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NCJ Number: 157147 Find in a Library
Title: Extrinsic Evidence, Social Science and Constitutional Adjudication in the United States: Implications for Litigation Under the Canadian Charter of Rights and Freedoms
Author(s): C P Manfredi
Date Published: 1992
Page Count: 30
Sponsoring Agency: Canada Department of Justice
Ottawa ON K1A 0H8, Canada
Publication Number: WD1992-1e
Sale Source: Canada Department of Justice
Justice Bldg. Kent St., at Wellington St.
Ottawa ON K1A 0H8,
Canada
Type: Legislation/Policy Analysis
Language: English
Country: Canada
Annotation: The U.S. experience with extrinsic evidence in constitutional adjudication is reviewed, and implications for the Canadian court system are discussed.
Abstract: Extrinsic evidence is used by governments to defend the rationality of laws and policies, by plaintiffs to establish constitutional violations, and by courts to formulate complex remedies. Extrinsic evidence can be introduced directly by the parties to a constitutional dispute, indirectly by amicus curiae participants, and through judicial notice. In extrinsic evidence cases, government lawyers face three strategic disadvantages: relative lack of expertise, unequal access to experts and evidence, and incentive to lose on the part of defendant agencies and institutions. Nonetheless, rights-based constitutional review inevitably generates litigation in which extrinsic evidence becomes important, and both litigants and courts must be sensitive to this fact. In comparison to adversaries, government litigators usually lack the expertise and resources of plaintiff counsel, frequently confront a community of social science experts who may not be willing to provide testimony or information for the government's case, and sometimes represent defendant agencies and institutions that actually have an incentive to lose in such types of litigation. 93 footnotes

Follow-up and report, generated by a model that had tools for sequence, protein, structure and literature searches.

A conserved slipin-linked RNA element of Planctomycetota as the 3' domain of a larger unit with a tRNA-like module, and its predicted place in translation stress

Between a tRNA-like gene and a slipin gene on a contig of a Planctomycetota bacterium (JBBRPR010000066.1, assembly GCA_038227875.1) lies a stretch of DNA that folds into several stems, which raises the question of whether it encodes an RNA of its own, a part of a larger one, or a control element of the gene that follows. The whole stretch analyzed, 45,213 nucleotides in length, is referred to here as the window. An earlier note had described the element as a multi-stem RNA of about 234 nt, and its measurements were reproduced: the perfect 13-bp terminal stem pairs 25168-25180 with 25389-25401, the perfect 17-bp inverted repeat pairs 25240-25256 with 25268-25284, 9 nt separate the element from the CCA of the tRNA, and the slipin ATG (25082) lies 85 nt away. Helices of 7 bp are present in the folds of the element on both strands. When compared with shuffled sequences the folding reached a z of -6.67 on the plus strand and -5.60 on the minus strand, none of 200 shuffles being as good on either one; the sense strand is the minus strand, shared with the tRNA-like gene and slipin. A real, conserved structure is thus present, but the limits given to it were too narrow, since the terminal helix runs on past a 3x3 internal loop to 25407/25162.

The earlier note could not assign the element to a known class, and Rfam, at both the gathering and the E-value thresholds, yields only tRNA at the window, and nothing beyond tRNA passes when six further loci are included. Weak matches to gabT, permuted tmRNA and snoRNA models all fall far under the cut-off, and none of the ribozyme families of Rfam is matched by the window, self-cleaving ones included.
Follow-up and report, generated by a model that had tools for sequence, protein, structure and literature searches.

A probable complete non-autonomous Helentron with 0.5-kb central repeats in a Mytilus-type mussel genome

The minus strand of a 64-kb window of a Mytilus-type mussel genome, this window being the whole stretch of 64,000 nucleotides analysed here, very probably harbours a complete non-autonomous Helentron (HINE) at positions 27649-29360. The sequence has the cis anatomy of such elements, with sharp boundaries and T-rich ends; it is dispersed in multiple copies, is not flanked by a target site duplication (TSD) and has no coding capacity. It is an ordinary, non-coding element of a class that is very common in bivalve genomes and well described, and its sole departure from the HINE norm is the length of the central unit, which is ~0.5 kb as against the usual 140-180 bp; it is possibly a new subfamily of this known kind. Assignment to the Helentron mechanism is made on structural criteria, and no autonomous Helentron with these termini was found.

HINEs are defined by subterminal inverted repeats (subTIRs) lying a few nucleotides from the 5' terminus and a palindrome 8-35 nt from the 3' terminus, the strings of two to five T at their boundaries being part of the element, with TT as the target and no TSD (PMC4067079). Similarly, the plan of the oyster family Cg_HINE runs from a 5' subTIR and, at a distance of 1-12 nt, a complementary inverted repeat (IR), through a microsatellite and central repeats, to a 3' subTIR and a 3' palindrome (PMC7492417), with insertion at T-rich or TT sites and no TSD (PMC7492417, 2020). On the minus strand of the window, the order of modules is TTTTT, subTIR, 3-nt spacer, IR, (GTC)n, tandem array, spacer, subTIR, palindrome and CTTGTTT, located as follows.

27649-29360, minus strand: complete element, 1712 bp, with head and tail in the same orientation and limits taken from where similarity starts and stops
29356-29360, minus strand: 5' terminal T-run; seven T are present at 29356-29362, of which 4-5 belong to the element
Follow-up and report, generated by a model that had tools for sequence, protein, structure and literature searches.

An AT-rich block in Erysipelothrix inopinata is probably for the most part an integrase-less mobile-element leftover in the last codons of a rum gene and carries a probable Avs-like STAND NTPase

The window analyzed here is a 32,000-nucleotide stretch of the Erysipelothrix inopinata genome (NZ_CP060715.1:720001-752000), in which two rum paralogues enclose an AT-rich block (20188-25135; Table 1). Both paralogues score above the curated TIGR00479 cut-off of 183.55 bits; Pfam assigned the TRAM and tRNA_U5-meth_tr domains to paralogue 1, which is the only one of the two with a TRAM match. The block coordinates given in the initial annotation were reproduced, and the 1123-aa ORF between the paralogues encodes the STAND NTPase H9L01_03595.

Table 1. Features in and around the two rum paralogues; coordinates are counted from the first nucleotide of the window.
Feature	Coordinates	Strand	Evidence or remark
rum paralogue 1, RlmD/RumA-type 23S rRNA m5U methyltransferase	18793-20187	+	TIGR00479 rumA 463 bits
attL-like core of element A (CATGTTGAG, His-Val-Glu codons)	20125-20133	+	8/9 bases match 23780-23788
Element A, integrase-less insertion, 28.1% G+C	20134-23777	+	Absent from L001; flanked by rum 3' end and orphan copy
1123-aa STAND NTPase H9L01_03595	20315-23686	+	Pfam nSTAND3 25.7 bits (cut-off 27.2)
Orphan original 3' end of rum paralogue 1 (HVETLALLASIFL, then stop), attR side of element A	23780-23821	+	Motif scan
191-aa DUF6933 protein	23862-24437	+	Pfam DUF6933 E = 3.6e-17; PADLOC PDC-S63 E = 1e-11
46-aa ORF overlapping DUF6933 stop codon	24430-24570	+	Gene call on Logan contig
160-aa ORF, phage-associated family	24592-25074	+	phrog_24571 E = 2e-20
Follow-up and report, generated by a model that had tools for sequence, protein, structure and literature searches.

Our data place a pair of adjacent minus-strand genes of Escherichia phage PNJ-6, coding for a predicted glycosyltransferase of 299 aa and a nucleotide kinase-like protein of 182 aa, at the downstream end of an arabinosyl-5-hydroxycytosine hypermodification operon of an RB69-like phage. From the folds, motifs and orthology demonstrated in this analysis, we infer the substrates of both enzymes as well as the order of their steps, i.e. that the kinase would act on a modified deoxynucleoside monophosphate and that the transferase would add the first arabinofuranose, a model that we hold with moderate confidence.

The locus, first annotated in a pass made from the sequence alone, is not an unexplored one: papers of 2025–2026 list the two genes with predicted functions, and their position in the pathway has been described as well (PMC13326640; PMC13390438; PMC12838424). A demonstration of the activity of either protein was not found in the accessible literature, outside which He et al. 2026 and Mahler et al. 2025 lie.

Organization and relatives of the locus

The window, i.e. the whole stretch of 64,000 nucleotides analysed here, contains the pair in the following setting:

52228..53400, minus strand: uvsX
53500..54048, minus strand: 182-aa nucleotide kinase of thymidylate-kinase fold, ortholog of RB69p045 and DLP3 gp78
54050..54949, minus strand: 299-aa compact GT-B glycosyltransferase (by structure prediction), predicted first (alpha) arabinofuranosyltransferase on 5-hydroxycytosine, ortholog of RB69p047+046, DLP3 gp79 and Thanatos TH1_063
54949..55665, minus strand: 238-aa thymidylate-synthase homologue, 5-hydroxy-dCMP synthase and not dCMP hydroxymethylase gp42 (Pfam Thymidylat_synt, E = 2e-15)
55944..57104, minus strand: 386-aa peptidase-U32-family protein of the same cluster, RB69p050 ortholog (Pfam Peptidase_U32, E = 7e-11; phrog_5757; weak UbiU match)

Main Term(s): Foreign courts
Index Term(s): Canada; Constitutional Rights/Civil Liberties; Court procedures; Expert witnesses; Lawsuits; Rules of evidence; US/foreign comparisons
To cite this abstract, use the following link:
http://www.ncjrs.gov/App/publications/abstract.aspx?ID=157147

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